| Quote #34
Despite my willingness to understand, I just couldn’t accept such arrogant certainty. Because, after all, there really was something ridiculously out of proportion between the verdict such certainty was based on and the imperturbable march of events from the moment the verdict was announced. The fact that the sentence had been read at eight o’clock at night and not at five o’clock, the fact that it could have been an entirely different one, the fact that it had been decided by men who change their underwear […] all of it seemed to detract from the seriousness of the decision. (2.5.2)
The uncertainty surrounding Meursault’s death sentence disturbs him as an absurdist. Because the ultimate sentence is meaningless, the obsession over it is ridiculous.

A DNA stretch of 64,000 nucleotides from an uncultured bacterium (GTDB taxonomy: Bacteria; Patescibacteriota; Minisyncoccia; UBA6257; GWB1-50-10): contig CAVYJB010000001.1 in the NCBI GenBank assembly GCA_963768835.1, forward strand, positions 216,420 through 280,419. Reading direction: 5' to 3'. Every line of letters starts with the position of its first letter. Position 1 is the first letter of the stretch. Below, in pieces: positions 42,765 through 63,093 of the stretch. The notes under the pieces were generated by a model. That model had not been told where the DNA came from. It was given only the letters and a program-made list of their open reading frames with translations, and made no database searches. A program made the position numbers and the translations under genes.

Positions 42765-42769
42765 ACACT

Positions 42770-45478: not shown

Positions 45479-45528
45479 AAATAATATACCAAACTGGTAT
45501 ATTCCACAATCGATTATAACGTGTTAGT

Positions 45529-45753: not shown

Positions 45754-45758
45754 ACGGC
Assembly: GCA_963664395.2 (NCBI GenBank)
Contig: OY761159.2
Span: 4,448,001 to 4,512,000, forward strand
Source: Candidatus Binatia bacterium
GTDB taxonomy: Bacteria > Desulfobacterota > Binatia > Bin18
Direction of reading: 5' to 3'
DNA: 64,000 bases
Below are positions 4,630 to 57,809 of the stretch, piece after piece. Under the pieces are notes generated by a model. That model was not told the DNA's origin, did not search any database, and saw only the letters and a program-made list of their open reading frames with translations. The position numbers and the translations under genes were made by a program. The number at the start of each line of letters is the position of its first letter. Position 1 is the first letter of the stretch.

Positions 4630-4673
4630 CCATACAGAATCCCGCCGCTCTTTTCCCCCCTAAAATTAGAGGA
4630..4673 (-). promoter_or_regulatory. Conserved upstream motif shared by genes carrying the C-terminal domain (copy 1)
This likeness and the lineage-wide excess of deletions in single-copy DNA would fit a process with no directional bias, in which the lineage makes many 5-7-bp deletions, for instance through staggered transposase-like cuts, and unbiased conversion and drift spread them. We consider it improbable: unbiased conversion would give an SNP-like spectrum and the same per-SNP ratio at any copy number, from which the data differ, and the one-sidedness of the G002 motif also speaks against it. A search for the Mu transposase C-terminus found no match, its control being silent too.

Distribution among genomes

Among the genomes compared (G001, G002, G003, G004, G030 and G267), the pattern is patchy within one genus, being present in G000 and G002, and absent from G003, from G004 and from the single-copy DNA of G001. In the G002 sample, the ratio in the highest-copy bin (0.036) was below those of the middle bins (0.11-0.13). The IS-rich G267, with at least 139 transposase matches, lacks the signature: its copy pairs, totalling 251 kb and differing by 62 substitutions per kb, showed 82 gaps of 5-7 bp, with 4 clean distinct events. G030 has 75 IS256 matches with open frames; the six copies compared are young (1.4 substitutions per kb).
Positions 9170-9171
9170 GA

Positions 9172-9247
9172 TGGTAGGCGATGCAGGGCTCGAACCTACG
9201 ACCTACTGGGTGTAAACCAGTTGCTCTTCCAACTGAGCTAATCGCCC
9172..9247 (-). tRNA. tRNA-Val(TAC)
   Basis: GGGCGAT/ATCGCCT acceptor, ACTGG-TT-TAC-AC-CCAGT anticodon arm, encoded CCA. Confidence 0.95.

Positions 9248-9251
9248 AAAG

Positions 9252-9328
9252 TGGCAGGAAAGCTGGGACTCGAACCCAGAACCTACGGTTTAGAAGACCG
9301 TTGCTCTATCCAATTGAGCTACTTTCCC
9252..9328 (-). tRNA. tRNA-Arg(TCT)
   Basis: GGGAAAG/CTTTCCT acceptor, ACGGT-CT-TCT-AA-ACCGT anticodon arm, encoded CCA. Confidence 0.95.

| Quote #35
"Then God can help you," he said. "Every man I have known in your position has turned to Him." I acknowledged that that was their right. It also meant that they must have had the time for it. As for me, I didn’t want anybody’s help, and I just didn’t have the time to interest myself in what didn’t interest me. (2.5.14)
Uninterested in relying on any external authority or source for meaning, Meursault lays bare his atheism for the chaplain to see.
| Quote #36
The chaplain knew the game well too, I could tell right away: his gaze never faltered. And his voice didn't falter, either, when he said, "Have you no hope at all? And do you really live with the thought that when you die, you die, and nothing remains?" "Yes," I said. (2.5.15)
Meursault is clearly the toughest nut the chaplain has come up against. Their interaction is so interesting to watch because it represents a larger struggle; that of religion against absurdist philosophy.